About 140 people filled the Jewish Museum of Maryland on July 12 to hear Amy Davis, full-time staff photographer at the Baltimore Sun, discuss her new book “Flickering Treasures: Rediscovering Baltimore’s Forgotten Movie Theaters.”
Many of Davis’ photos are on display at the “Cinema Judaica” exhibit, which illustrates how films countered America’s isolationist mind frame during World War II and changed the post-war perception of the Jewish people. The exhibit, which is divided into two sections: the war years and the epic cycle, was originally curated by Hebrew-Union College to explore the effect of movies across the country, but JMM is focusing on Baltimore movies and theaters specifically.
Davis began working on her book when she noticed one of her favorite theaters had an uncertain future.
“I lived near the Senator Theatre when it faced foreclose in 2007, and I was attached to it as my neighborhood theater,” said Davis. “As I thought about it I realized that its state might be the same as all the
others in Baltimore because it was the last single-screen theater Baltimore.”
Davis began researching other theaters and published a piece about it in the Baltimore Sun. She received feedback from many people who wanted to discuss their favorite movie theaters that weren’t featured in the piece.
Enthused by the response, she pursued the subject further. For her upcoming book, she interviewed more than 300 people such as political activist Shoshana Cardin who worked at a theater her father owned.
“The imagery will be nostalgic,” said Marvin Pinkert, executivedirector of JMM, describing the “Cinema Judaica” exhibit.
Nostalgia was the atmosphere during Davis’ presentation. When she asked the audience who had been to the Crest Theatre, the majority of people in the room immediately raised their hands.
One person Davis interviewed who had fond memories of the Crest Theatre was Baltimore filmmaker Barry Levinson. According to Davis, Levinson took his first date to the Crest Theatre and across the street was a parking lot near the Hilltop Diner. Whenever Levinson would see his buddies’ cars in the parking lot, he would know to end the date quickly and go to the diner.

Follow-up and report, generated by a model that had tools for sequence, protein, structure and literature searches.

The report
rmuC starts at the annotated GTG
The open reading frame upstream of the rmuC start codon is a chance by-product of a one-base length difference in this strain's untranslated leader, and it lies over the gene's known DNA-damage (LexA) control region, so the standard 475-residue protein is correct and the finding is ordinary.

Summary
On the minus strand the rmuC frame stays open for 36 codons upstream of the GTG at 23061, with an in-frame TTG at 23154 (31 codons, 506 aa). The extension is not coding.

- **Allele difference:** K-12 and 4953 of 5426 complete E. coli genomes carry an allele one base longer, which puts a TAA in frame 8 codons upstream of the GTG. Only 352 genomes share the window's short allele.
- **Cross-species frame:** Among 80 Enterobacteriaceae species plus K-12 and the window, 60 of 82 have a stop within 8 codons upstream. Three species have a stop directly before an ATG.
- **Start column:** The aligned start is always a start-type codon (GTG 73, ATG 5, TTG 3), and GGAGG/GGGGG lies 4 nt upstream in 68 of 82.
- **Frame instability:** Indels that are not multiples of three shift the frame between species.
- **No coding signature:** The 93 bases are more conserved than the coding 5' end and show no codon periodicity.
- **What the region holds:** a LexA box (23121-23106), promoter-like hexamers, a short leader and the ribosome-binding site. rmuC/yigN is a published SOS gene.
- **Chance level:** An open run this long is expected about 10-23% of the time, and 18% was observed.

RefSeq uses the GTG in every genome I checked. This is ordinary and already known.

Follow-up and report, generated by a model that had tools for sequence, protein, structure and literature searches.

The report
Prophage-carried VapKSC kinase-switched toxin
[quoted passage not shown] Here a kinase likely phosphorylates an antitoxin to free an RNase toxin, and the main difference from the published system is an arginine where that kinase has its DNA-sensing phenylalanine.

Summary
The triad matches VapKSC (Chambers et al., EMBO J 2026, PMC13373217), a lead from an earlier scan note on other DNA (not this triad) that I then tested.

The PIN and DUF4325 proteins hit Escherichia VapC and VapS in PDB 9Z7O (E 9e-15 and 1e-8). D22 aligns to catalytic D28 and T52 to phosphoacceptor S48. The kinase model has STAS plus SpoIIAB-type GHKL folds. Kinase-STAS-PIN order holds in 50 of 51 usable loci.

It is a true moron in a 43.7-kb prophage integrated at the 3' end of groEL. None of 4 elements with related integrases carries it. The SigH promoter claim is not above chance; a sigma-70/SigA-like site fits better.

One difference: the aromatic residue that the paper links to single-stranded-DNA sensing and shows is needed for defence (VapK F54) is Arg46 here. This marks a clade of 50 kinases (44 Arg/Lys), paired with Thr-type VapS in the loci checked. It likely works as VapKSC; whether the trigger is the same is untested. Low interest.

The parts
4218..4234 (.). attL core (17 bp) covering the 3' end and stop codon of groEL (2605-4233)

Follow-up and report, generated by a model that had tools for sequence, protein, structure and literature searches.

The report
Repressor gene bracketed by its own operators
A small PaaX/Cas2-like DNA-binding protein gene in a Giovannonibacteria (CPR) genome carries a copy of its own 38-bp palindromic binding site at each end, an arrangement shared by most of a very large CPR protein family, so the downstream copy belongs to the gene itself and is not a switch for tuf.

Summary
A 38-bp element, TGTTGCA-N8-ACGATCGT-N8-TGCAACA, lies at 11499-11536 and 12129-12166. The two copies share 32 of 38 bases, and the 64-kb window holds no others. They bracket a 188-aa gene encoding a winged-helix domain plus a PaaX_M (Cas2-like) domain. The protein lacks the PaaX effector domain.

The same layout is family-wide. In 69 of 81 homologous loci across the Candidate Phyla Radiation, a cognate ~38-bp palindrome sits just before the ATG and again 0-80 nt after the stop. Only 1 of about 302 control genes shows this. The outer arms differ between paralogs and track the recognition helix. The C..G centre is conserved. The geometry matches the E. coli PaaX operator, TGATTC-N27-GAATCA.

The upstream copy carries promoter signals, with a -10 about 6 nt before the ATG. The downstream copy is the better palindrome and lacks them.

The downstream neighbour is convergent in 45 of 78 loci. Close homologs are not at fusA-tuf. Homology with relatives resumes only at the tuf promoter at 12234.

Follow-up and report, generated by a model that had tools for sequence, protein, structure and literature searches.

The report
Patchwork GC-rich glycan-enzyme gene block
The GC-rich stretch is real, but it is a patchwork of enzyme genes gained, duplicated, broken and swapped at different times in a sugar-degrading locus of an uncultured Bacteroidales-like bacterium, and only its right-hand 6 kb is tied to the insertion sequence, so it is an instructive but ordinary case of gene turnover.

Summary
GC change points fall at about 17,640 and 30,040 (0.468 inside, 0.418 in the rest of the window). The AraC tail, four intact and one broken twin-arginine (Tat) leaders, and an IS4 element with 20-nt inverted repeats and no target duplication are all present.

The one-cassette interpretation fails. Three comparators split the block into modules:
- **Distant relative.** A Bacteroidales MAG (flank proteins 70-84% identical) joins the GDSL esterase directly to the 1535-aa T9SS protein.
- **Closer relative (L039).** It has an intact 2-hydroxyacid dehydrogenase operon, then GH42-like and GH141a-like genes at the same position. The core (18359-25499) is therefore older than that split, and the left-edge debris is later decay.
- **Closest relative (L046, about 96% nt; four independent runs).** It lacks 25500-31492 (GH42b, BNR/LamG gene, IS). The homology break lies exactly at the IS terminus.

“I think it’s a lot of fun for people to be reminded of going to the movies and seeing your favorite movie at the local theater,” said Joanna Church, collections manager at JMM. “It’s a reminder that history is fun and can be relevant to your own life.”
For many others like Levinson, the theaters also represent memories.
“I went through [the exhibit] with people who’ve lived in Baltimore their whole life and they say they
remember those theaters from their childhood,” said Pinkert.
The memories are bittersweet for some because so many of the theaters that Davis has photographed are either demolished or in rough condition. She hopes her book will make people step back and remember the life
theaters brought to Baltimore’s streets.
“I hope my book, in a gentle way, will spark a dialogue about what’s happened when you look at how
vibrant these streets were with their movie theaters,” said Davis. “And how troubled some of them are now and it’s my effort at tikun olam, repairing the world.”
Davis added, “I was really gratified to see the large turnout. It confirmed the sense that I’ve gotten all along working on this book that there is tremendous interest in this subject.”